Twixt Ricardo and Rubin: Debating Kincaid Once More

in Historical Materialism
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Our final instalment in the debate with Jim Kincaid argues that his value-analysis suffers from weaknesses associated with both Ricardian and Rubinesque (mis-)interpretations of Marx. These approaches are methodologically flawed, because value-theory does not draw upon externally imposed theories or standards of logic or evidence to check the conceptual or empirical validity of its approach to the understanding of capitalism. Rather, Marxian value-theory involves reconstructing in thought the class-based production-processes underpinning capitalism through to their more complex and concrete consequences in the broader economic and social structures, agencies and processes, through which they are formed, albeit with definite effects of their own. Examination of the methodological shortcomings in Kincaid's analysis is followed by specific rebuttals of his claims about the (qualitative and quantitative) determination of value and price, the circulation of capital, the role of competition, fixed capital, productive labour and the leverage of value-theory in informing empirical studies.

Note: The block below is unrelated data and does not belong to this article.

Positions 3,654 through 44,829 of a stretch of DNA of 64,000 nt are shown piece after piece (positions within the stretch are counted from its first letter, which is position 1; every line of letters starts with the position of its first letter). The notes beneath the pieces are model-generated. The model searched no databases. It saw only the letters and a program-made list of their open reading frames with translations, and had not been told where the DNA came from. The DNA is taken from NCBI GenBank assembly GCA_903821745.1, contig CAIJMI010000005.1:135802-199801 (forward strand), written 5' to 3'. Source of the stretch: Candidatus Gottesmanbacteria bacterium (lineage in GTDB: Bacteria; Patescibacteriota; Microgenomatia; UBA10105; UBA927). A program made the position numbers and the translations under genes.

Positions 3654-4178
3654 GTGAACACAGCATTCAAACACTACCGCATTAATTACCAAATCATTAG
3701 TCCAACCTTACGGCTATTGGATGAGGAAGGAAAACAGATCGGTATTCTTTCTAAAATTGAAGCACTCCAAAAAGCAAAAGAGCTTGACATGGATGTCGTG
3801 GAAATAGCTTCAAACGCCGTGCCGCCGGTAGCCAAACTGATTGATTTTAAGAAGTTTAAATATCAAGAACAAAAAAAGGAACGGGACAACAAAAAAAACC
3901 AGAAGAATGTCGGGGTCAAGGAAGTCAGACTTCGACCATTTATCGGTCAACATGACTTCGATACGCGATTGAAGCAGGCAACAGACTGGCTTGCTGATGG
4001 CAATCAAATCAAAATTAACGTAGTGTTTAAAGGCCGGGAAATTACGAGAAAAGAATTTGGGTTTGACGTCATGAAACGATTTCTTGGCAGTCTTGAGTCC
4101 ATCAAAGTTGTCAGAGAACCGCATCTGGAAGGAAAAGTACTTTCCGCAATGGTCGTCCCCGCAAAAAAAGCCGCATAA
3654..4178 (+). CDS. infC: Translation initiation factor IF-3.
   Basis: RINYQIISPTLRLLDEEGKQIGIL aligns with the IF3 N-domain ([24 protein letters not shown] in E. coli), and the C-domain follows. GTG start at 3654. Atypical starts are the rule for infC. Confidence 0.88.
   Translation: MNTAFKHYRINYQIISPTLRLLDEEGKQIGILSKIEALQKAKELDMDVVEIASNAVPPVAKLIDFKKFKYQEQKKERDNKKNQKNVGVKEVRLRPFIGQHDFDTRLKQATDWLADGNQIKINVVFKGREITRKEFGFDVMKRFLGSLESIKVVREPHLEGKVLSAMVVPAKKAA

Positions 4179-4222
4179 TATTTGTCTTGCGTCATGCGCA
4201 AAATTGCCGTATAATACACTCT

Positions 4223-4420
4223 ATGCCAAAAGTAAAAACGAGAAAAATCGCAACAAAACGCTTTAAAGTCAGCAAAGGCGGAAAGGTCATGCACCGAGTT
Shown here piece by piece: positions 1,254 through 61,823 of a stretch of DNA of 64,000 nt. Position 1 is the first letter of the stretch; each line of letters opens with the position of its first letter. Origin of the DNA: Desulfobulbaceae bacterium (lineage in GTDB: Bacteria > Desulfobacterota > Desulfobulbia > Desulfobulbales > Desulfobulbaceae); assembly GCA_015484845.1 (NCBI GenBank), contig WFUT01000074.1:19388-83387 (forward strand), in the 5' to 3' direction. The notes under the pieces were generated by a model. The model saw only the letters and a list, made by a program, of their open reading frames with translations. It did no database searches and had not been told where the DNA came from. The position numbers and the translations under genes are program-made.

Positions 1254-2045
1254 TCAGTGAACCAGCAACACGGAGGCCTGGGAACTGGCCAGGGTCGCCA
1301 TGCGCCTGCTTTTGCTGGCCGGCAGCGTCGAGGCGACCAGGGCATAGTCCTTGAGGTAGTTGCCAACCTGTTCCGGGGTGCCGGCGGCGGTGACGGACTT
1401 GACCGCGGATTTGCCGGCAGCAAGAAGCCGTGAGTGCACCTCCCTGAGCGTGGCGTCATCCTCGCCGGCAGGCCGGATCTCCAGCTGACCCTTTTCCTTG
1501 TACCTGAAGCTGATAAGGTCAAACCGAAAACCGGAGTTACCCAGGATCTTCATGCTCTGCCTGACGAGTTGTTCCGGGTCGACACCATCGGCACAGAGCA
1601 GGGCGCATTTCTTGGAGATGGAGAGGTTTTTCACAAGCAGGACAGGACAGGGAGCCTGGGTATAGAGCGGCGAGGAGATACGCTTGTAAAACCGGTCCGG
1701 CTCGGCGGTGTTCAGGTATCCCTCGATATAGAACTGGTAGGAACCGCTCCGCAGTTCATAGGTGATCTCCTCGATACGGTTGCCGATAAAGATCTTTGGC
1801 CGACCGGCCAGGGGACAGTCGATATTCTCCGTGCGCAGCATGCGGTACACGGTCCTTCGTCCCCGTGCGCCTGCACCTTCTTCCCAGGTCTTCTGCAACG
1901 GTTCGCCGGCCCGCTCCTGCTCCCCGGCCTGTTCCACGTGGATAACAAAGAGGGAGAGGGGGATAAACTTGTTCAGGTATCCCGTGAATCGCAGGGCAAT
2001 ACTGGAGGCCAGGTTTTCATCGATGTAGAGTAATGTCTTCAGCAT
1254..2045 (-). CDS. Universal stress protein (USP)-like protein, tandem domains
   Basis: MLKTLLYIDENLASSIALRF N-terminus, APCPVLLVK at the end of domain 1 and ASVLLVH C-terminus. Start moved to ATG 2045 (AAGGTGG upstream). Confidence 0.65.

Twixt Ricardo and Rubin: Debating Kincaid Once More

in Historical Materialism



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